Recommendations on How to Avoid Falling Into a Bear Market Trap

It’s a known fact that novice investors frequently lose their way due to volatility while trading markets that exchange asset classes such as stocks, commodities, bonds, or even crypto assets. Even the most experienced investors can be confused by price reversals, despite the fact that long-term investing is typically advised to survive these periods of volatility.

To avoid becoming a victim of market influenced trends, it’s crucial to recognise the signs and symptoms of a phoney reversal, or a temporary change in charge direction, before the underlying trend restarts. Let’s discuss this further.

The Pain of Falling Into a Bear Trap

Increased volatility may even attract short-term investors to place many investments in an attempt to time the markets, which may result in significant losses and harm their confidence or concept of the underlying asset.

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A sudden downward charge motion can cause increased volatility in an uptrending market, driving participants to liquidate long positions or short the underlying asset in an effort to make a quick buck. Even when a number of traders sell in bulk, this reversal may only last for a short period of time, allowing the traders to buy back their holdings at a lower price.

This type of market manipulation, known as an undergo entice, tricks bearish people into thinking that the price reversal signals the start of a decline and is frequently accompanied by a strong continuation of the prior upswing. Shorting, the practice of selling an asset only to buy it back later at a lower price, is particularly speculative in these times of volatility and causes investors to take on unnecessary risk.

Even long-term investors may fall to temporary boosting stress and lose all or part of their yields because an undergo entice is frequently unexpected and short-lived.

What Every Investor Needs to Know About a Bear Trap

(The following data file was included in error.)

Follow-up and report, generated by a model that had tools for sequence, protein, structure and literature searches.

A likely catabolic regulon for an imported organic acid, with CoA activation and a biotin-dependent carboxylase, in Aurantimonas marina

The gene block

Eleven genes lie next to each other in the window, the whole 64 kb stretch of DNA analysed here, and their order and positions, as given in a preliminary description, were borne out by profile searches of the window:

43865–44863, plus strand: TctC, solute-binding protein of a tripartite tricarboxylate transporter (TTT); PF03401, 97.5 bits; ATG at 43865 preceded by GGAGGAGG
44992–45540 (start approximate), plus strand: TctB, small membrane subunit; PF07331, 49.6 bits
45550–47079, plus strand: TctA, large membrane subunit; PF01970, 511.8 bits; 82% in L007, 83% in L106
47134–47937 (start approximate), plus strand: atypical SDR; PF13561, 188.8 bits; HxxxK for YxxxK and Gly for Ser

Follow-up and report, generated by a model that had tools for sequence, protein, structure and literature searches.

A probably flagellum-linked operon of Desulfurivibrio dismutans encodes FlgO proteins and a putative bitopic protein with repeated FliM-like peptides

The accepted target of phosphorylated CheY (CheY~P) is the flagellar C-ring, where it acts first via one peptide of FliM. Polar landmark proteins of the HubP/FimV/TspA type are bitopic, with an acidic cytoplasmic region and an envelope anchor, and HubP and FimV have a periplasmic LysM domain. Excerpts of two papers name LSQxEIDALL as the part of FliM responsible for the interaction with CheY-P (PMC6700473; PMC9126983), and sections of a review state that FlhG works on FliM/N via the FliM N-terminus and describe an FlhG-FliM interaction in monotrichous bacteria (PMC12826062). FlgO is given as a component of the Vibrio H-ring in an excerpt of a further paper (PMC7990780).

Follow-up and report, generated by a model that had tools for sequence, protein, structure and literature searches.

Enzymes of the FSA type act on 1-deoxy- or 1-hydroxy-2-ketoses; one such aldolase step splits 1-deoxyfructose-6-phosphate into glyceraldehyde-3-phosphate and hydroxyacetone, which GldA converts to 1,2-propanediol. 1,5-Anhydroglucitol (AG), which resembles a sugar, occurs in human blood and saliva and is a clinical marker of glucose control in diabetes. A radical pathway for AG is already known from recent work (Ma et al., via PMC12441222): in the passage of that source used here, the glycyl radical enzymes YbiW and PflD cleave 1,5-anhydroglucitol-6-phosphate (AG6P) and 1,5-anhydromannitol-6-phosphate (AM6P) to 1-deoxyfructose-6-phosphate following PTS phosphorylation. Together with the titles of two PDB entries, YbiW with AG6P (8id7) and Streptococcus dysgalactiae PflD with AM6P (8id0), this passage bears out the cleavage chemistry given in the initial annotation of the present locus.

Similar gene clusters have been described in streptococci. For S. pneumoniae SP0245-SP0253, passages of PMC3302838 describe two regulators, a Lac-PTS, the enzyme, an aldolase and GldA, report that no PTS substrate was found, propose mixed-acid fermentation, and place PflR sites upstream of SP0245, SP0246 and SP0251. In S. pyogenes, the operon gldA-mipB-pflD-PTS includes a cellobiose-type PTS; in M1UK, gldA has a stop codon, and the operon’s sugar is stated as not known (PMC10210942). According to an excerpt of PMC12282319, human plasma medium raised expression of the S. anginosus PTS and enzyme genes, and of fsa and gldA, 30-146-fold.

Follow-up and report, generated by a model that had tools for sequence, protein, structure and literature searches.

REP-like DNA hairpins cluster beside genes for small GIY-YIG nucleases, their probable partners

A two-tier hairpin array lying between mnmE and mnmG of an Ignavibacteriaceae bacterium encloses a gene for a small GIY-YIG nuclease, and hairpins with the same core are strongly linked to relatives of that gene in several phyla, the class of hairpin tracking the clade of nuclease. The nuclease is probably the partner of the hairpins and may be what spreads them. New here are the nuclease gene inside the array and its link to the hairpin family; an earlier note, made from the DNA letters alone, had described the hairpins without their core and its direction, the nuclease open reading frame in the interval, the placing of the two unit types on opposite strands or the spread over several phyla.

A bear trap is a short-lived price reversal that incorrectly signals the beginning of a downtrend. The crowdsale of a certain coin works in concert with one another to lower its price and persuade other retail investors that the rise is gone. As a result, the price continues to decline for a few hours or days. This enables numerous investors to sell their holdings.

A powerful bullish rise that traps a large number of negative bets usually results from these influential traders buying back the quantities sold at reduced rates when prices break below previously held lows. Traders with short positions would rush to buy the crypto asset in an effort to reduce their losses, but this purchasing urge just serves to raise the price even higher.

A group of bear-trap traders or developers aims to gain profits from the difference in price without affecting the quantity of crypto they hold over a long period. They do this by selling at higher prices, then buying back all their positions when prices drop.

Popular cryptos like Bitcoin (BTC) can be shorted on the base crypto asset utilising a variety of techniques like token shorting, margin trading, or futures and options trading, just like other asset classes like actively traded stocks can. Experienced traders and institutional investors frequently use these channels to hedge their holdings in the secondary market and can safeguard their assets should the market or trend reverse.

As a result, shorting a crypto asset, or shorting it through any of the available methods, is a frequent practice, though it only occurs in quantities that are small compared to the amount of primary token trade. However, when shorting a crypto like BTC on an extremely big scale, it can greatly pressure prices downward because of a jump in the general fear quotient.

Developing Your Trading Strategy With the Help of Technical Indicators

Trading Strategy

Technical indicators like the Relative Strength Index (RSI) may indicate that a crypto asset is moving into bearish territory, which may lead to a larger sell-off led by less experienced retail investors who are attempting to reduce their risk exposure.

More bearish investors may be tempted to go short if this mood persists and prices fall below important support levels, providing large traders with a lucrative opportunity to set off a bear trap by hedging their short bets.